We all remember 9/11, but there are many points view through which that horror can be recalled, and Kyle and his silent, nameless friend's are simultaneously two of the most harrowing and deeply moving lenses through which to recall those memories. This isn't so much a story about that disaster, or about tragedy in general, as it is a story about hope, and how the power of human kindness, and the resilience of mankind's spirit allows us to survive almost anything, and then, with time, eventually heal.

It's not the most exciting or epic tale, told almost exclusively from Kyle and his friend's points of view, almost the only two characters in the novel with speaking parts, and it almost all takes place in side of Kyle's little apartment in Brooklyn, and yet the emotions and the truths and the interactions of the characters are as grand and as sweeping, and more importantly-as authentic, as any narrative.

Anyway, assuming, with the obvious caveat of the potential trigger warning for anyone who lived through it, I simply cannot recommend this book highly enough. It touched me deeply, and I believe it will move you too.

You can find out more about Gae Polisner, on:

Tuesday, June 21, 2016

Izanami's Choice, by Adam Heine




Well, it's been almost a year since I blogged, but this great book by my friend Adam Heine is now available for pre-order, and I wanted to tell some people about it, in case anyone still reads this thing. Here's the jacket copy from Goodreads:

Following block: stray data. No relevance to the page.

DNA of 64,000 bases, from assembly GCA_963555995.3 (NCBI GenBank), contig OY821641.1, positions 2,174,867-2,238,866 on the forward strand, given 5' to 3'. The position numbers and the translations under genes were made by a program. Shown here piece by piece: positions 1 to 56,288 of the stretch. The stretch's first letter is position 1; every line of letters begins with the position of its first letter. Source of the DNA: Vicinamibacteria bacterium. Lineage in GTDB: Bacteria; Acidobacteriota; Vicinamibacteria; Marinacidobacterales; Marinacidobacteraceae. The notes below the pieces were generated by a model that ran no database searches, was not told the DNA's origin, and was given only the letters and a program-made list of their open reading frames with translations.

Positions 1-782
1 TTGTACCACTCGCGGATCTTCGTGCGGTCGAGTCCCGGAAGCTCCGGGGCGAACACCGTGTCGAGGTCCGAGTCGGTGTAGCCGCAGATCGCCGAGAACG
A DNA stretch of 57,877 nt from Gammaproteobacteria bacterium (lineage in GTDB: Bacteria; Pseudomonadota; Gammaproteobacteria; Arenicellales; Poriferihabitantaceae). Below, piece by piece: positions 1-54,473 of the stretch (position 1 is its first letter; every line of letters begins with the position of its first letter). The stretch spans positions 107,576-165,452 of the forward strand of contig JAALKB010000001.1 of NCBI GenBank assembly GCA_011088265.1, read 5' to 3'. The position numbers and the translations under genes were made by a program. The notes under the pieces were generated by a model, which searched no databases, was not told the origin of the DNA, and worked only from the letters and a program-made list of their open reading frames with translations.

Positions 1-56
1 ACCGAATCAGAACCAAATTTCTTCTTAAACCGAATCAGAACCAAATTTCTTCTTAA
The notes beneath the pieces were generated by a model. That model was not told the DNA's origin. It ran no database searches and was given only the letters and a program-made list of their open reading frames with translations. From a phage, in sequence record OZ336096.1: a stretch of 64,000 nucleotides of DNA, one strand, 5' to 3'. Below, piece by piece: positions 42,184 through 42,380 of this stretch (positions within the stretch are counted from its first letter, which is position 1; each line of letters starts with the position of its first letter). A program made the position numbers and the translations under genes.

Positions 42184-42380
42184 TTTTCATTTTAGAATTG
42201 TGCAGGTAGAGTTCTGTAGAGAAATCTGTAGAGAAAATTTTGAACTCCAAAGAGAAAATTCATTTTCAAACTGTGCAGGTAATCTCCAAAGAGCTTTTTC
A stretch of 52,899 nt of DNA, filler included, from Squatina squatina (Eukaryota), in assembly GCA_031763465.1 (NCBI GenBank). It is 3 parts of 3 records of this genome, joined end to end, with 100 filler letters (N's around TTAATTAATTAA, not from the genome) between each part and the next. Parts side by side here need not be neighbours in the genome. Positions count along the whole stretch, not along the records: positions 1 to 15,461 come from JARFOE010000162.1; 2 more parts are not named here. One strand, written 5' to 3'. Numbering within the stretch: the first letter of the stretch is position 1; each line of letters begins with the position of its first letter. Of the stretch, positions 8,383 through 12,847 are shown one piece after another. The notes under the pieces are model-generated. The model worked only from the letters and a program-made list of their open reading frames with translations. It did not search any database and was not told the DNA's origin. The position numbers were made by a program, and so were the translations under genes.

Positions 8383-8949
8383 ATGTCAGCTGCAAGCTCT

Samurai Vs. Robots.

Progress. Murder. Choice.

In 1901, the Meiji Restoration has abolished the old ways and ushered in a cybernetic revolution. Androids integrate into society at all levels, following their programming for the betterment of every citizen, as servants, bodyguards, and bureaucrats. Jinzou are the future. Japan is at the threshold of a new tomorrow!

As a ronin steeped in the old ways, Itaru wants nothing more to do with the artificial creations posing as human. But when a jinzou is suspected of murder, he's pulled into a mystery that could tear the nation apart.

Malfunction or free will? When is a machine more than just a machine?

I always enjoy Adam's writing, but this story in particular captured my attention with its lush retro-future Japan setting, and its ability to ask compelling questions about androids, artificial intelligence, and morality without gumming up the story works of pacing, action, and intrigue.

It's full of combat, and adventure, and escapes, and murderous robots, and just enough mystery to keep you guessing what everyone (and every droid and AI) is up to right up until the end.

I had the good fortune to read an early version of this Novella, and it doesn't come out officially until September 1st, but you can pre-order it now, and there may be some advance e-galleys available for those willing to write an honest review.

You should definitely get your hands on it one way or the other if it sounds like your kind of thing.

Find it on: Amazon | Broken Eye Books | Goodreads

Monday, August 24, 2015

Is This Thing On?

If anyone still comes here, I'm over at Project Mayhem for the last time in a while today, so please stop by if you have a moment.

Thursday, June 25, 2015

Blazing Courage over at Project Mayhem

I'm actually blogging today! Can you believe it? I know, I know. Don't get me started.

Please just drop on by Project Middle Grade Mayhem, and take a gander at my post about Kelly Milner Halls' debut MG novel, Blazing Courage.